From the Editor
“I don’t think that we can sit back and be complacent for one moment,” said Toronto Mayor John Tory in a media interview in which he called for an ‘all hands on deck’ approach to dealing with opioids.
It’s a comment on our times when the mayor of Canada’s largest city is focused on the use (and abuse) of opioids. And so are others – opioid addiction has sparked conversations across North America, from big city Canada to rural America. In 2014, Peter Shumlin, governor of the second smallest state in the U.S., devoted his annual address to the opioid problem striking “every corner” of Vermont.
Vermont: hills, lakes, opioids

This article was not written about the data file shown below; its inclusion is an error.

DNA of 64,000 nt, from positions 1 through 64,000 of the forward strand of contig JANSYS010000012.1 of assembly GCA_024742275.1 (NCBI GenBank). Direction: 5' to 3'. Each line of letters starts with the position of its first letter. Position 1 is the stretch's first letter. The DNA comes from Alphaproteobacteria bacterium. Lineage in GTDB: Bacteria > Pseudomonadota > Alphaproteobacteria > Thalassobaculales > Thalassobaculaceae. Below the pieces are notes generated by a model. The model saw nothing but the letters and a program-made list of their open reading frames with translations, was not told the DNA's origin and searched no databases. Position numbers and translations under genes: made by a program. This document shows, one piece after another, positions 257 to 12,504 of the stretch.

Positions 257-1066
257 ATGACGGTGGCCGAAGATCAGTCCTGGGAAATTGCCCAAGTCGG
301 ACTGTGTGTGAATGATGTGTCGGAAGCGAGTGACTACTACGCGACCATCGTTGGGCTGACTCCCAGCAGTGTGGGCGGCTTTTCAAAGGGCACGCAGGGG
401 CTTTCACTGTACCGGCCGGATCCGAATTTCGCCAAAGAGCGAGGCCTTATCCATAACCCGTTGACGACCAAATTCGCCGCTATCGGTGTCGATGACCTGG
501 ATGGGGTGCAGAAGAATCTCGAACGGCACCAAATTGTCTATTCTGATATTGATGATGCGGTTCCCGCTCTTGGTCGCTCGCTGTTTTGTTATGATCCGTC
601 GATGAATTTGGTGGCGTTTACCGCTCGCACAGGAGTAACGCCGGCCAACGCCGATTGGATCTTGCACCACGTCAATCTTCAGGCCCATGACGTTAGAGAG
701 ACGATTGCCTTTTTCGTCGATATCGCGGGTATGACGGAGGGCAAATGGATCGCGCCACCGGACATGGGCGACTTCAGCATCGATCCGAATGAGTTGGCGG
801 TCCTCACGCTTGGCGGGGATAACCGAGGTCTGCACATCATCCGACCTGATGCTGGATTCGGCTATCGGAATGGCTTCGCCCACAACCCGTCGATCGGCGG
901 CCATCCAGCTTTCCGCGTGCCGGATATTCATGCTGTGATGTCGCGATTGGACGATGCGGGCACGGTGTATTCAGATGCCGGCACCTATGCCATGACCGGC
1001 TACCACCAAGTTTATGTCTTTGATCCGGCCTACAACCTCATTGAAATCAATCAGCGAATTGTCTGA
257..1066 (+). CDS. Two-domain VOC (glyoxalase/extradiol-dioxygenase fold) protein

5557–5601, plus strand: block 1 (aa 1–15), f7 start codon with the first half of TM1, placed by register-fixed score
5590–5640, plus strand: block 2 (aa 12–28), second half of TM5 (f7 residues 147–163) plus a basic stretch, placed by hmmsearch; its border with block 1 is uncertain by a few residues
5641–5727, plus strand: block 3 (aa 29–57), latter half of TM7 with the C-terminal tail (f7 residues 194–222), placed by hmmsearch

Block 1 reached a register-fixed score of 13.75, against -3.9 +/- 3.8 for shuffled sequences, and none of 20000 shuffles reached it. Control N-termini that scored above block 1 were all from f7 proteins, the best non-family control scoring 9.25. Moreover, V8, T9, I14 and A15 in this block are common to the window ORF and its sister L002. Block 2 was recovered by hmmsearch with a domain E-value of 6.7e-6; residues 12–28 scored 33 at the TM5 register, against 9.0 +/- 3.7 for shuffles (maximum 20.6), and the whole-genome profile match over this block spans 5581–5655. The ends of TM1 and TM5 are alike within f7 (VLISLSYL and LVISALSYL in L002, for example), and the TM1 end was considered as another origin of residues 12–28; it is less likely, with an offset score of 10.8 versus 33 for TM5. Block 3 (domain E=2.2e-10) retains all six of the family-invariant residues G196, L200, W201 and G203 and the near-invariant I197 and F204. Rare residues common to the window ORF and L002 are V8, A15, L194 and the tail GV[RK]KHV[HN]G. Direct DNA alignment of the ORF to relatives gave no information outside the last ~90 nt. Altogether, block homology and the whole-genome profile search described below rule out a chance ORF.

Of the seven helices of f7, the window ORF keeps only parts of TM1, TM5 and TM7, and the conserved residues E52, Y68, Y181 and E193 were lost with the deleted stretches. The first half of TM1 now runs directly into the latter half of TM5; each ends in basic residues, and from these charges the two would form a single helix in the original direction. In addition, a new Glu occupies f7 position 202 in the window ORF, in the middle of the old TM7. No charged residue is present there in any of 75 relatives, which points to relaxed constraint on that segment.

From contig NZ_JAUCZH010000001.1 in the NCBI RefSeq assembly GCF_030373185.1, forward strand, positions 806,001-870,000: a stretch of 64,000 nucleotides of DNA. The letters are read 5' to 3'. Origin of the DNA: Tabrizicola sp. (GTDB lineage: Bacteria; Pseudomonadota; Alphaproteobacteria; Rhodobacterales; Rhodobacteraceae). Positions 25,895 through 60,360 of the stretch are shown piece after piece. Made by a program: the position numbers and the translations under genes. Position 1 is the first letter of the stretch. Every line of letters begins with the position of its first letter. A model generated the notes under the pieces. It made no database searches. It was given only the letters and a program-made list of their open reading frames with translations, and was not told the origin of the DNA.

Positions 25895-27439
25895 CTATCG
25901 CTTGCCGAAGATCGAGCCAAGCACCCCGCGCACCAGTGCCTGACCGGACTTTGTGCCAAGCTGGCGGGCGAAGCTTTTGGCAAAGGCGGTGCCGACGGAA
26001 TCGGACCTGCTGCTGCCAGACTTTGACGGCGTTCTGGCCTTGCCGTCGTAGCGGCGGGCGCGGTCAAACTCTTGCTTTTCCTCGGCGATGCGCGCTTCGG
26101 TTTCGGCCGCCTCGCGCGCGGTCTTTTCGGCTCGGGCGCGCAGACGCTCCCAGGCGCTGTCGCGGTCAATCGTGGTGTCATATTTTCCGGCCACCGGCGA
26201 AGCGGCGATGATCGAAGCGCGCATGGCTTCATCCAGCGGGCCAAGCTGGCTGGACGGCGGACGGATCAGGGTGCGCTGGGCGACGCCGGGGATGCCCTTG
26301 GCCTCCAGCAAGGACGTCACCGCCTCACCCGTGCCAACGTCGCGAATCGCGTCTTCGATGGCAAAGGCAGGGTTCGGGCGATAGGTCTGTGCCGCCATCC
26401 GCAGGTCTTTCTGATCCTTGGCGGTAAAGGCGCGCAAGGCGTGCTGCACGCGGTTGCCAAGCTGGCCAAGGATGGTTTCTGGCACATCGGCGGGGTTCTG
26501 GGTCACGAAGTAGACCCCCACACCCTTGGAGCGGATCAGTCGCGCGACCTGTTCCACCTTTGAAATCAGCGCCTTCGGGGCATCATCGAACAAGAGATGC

How we deal with opioids is complicated, touching on everything from drug regulation to clinician education. But the legal response is particularly interesting – the intersection of the law, addiction, and public policy. And so, in this Reading, we look at the Green Mountain State. In a Wall Street Journal essay, reporters Jennifer Levitz and Scott Calvert discuss Vermont’s experimentation with mandatory treatment for minor drug-related crimes – and the struggles of a young user.
We also consider federal Minister of Health Jane Philpott’s recent essay on the opioid issue, which ran in The Globe and Mail last week. She calls on us to address the roots of the issue – which “are tangled and deep.”
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